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Brake fluid is the core component of any braking system. The entire braking system is dependent on brake fluid. Without it, the system is useless. If somehow the brake fluid level reduces, then that can be quite dangerous for you to drive.

What are the Symptoms of Low Brake Fluid?

You can figure that out by looking out for these five major symptoms, which we will discuss in this article. 

The main signs of leaking brake fluid are fluid underneath a car, the illuminated warning light of the brake, and the brake pedal becoming soft and spongy.

Let’s discuss each sign in detail.

1. Brake Fluid Underneath the Car

The first visible sign that your brake fluid is leaking is the presence of fluid underneath your car. 

Let’s say you have parked your car in a garage. When you unpark it, you will see a yellowish-brown fluid where the car was parked. 

It feels oily to the touch too.

Don’t ever taste it since it is chemically composed of Diethylene glycol (DEG), a toxic chemical compound. An important thing to note is that the leaking brake fluid is often found near the car’s wheels. 

If you follow the path of the leaking fluid, leading you to the master cylinder or brake pipes, then most probably, the brake fluid has leaked. 

Since the brake fluid looks similar to engine oil, people confuse engine oil leakage with brake fluid.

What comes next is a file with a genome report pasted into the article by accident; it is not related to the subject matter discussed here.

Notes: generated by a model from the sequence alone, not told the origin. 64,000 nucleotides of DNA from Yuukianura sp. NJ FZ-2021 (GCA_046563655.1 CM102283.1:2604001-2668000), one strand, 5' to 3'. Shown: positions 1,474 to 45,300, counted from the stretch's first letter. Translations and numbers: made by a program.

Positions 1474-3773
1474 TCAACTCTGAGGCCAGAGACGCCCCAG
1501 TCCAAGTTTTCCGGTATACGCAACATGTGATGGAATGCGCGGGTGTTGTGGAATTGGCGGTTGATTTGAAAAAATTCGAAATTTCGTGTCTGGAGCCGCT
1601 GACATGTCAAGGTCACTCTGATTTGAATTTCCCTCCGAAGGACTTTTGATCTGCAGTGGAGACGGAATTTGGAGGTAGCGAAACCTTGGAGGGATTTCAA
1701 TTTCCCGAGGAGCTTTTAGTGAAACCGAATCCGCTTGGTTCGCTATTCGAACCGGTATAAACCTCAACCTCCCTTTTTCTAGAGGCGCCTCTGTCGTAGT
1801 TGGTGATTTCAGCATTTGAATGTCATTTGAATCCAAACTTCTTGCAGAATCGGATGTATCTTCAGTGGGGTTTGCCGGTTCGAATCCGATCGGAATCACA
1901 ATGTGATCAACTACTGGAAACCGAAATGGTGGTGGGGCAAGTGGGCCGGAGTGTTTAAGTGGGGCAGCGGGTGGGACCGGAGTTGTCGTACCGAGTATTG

2. ABS Warning Light

Modern cars now have an ABS brake warning light equipped with sensors present in the braking system. When the brake fluid drops below a certain level, the sensors send the message to ECU and illuminate the brake ABS light.

ABS light

This illuminated red or amber light warns that the brake fluid level has reduced due to a leak.

3. Soft Brake Pedal

Since the brake fluid is the blood of any braking system, a leak causes the brake pedals not to function properly; they become soft, spongy, and less resistant. 

To understand how low braking fluid causes soft brakes, you need to understand the braking system and the role of brake fluid in it.  

Pressing the pedal pressurizes the fluid inside the master cylinder, entering the wheel cylinder. This pressure energizes the brake pistons. Brake pistons move to the sides and apply pressure on the brake pads. The brake pads then rub against the tire, and the brake is applied.

The whole braking system is based on Pascal’s law. The force you apply through the brake pedal changes into pressure inside the master cylinder. Then, this pressure forms an amplified force using Pascal’s law and stops the vehicle.  

Another sign of low brake fluid is the sinking down of the pedal when pressed. You may also notice that the response time of the brake is reduced. The car doesn’t stop as quickly on applying brakes. 

Brake Pedal Creaks when Pushed Down and Released – The Dangers

4. Brake Failure

If you ignore all the above symptoms, and your brake fluid keeps leaking continuously, eventually reaching a point where most fluid has leaked out of the system, the brakes fail. Now, you can imagine how disastrous this can be for you.

5. Brake Fluid Low In Reservoir